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It takes two to cheat: An experiment on derived trust

Author

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  • Bigoni, Maria
  • Bortolotti, Stefania
  • Casari, Marco
  • Gambetta, Diego

Abstract

Social life offers innumerable instances in which trust decisions involve multiple agents. Of particular interest is the case when a breach of trust is not profitable if carried out in isolation, but requires an agreement among agents. In such situations the pattern of behaviors is richer than in dyadic games, because even opportunistic trustees who would breach trust when alone may act trustworthily based on what they believe to be the predominant course of action. Anticipating this, trusters may be more inclined to trust. We dub these motivations derived trustworthiness and derived trust. To capture them, we design a “Collective Trust Game” and study it by means of a laboratory experiment. We report that overall levels of trustworthiness are almost thirty percentage points higher when derived motivations are present, and this generates also higher levels of trust. In our set-up, the effects of derived trustworthiness are comparable in size to positive reciprocity, and more important than concerns for equality.

Suggested Citation

  • Bigoni, Maria & Bortolotti, Stefania & Casari, Marco & Gambetta, Diego, 2013. "It takes two to cheat: An experiment on derived trust," European Economic Review, Elsevier, vol. 64(C), pages 129-146.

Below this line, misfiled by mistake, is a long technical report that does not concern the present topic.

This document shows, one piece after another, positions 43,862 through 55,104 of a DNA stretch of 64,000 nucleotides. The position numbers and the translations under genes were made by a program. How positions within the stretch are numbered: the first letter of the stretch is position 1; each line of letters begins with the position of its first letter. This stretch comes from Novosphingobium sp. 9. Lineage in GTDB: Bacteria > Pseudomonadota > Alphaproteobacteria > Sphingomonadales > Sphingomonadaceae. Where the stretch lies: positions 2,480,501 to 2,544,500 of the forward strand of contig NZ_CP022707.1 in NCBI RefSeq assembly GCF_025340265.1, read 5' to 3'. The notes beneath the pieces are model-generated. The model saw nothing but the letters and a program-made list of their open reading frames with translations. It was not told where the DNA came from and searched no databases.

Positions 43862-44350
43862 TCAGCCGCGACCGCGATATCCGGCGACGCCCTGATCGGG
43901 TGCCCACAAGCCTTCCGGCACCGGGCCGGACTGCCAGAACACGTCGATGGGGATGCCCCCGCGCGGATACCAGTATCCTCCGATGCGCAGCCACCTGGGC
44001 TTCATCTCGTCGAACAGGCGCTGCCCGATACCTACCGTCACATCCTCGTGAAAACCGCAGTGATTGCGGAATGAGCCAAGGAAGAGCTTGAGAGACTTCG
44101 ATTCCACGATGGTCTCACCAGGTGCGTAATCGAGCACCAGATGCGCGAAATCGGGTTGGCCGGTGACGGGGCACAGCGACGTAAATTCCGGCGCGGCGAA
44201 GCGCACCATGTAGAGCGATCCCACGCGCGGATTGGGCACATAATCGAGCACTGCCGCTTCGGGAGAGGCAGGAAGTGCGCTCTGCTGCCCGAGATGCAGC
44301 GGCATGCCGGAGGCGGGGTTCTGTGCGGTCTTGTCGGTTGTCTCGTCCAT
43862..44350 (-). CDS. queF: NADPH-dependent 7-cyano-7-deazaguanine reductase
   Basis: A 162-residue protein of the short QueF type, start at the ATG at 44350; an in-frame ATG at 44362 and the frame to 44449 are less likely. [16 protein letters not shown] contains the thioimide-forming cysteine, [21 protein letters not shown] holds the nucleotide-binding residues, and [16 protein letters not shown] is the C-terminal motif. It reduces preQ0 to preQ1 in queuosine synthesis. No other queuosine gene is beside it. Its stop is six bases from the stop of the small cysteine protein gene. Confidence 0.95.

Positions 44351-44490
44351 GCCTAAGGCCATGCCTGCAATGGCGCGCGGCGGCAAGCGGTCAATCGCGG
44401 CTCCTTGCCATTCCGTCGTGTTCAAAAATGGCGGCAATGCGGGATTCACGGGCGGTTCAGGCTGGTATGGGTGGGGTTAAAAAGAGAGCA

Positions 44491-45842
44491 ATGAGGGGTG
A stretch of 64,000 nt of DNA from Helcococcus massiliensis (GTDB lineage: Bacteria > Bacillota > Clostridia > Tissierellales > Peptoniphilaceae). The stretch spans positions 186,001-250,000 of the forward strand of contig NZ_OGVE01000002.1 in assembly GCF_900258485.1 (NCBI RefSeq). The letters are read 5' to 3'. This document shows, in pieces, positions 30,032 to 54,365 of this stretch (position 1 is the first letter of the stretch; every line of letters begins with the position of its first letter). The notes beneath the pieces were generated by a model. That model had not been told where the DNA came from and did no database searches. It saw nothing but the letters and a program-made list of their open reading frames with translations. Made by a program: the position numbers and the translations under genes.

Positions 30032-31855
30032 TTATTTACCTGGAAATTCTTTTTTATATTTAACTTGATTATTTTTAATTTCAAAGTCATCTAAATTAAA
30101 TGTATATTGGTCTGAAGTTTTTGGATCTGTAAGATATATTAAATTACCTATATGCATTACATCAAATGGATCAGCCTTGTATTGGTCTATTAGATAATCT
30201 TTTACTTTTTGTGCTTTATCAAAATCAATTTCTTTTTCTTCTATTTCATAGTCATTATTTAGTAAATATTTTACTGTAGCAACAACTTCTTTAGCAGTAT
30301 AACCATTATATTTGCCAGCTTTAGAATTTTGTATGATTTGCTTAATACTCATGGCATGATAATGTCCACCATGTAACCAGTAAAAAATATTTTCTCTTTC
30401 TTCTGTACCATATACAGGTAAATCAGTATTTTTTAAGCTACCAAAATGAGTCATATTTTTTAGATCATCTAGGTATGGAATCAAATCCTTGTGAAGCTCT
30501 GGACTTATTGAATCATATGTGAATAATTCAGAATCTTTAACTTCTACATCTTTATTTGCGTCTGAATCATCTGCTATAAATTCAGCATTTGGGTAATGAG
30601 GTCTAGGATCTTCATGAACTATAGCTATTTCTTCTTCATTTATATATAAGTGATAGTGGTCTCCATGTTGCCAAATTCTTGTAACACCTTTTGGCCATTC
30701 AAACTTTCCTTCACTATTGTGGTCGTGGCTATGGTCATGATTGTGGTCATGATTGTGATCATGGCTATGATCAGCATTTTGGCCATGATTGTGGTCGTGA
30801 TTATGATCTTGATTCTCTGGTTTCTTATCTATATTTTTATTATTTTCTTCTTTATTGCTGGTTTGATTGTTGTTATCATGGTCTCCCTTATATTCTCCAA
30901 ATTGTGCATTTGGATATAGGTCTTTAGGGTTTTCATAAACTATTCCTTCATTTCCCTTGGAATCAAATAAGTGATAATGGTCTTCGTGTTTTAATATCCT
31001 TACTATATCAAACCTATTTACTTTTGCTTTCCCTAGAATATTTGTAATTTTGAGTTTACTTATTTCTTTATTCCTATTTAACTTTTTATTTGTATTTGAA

• Handle: RePEc:eee:eecrev:v:64:y:2013:i:c:p:129-146
    DOI: 10.1016/j.euroecorev.2013.08.009
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    References listed on IDEAS

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    Cited by:

    1. James Bland & Nikos Nikiforakis, 2013. "Tacit Coordination in Games with Third-Party Externalities," Discussion Paper Series of the Max Planck Institute for Research on Collective Goods 2013_19, Max Planck Institute for Research on Collective Goods.
    2. Landeo, Claudia M. & Spier, Kathryn E., 2015. "Incentive contracts for teams: Experimental evidence," Journal of Economic Behavior & Organization, Elsevier, vol. 119(C), pages 496-511.
    3. Tagat, Anirudh & Kapoor, Hansika, 2017. "The trust broker game: A three-player trust game with probabilistic returns and information asymmetry," Economics Discussion Papers 2017-33, Kiel Institute for the World Economy (IfW).
    4. Bland, James & Nikiforakis, Nikos, 2015. "Coordination with third-party externalities," European Economic Review, Elsevier, vol. 80(C), pages 1-15.
    5. Bryan C. McCannon & Colleen Tokar Asaad & Mark Wilson, 2015. "Contracts and Trust," Working Papers 15-15, Department of Economics, West Virginia University.

    More about this item

    Keywords

    Trust game; Coordination; Inequality aversion; Reciprocity; Collective trust;

    JEL classification:

    • C92 - Mathematical and Quantitative Methods - - Design of Experiments - - - Laboratory, Group Behavior
    • C72 - Mathematical and Quantitative Methods - - Game Theory and Bargaining Theory - - - Noncooperative Games
    • D03 - Microeconomics - - General - - - Behavioral Microeconomics: Underlying Principles

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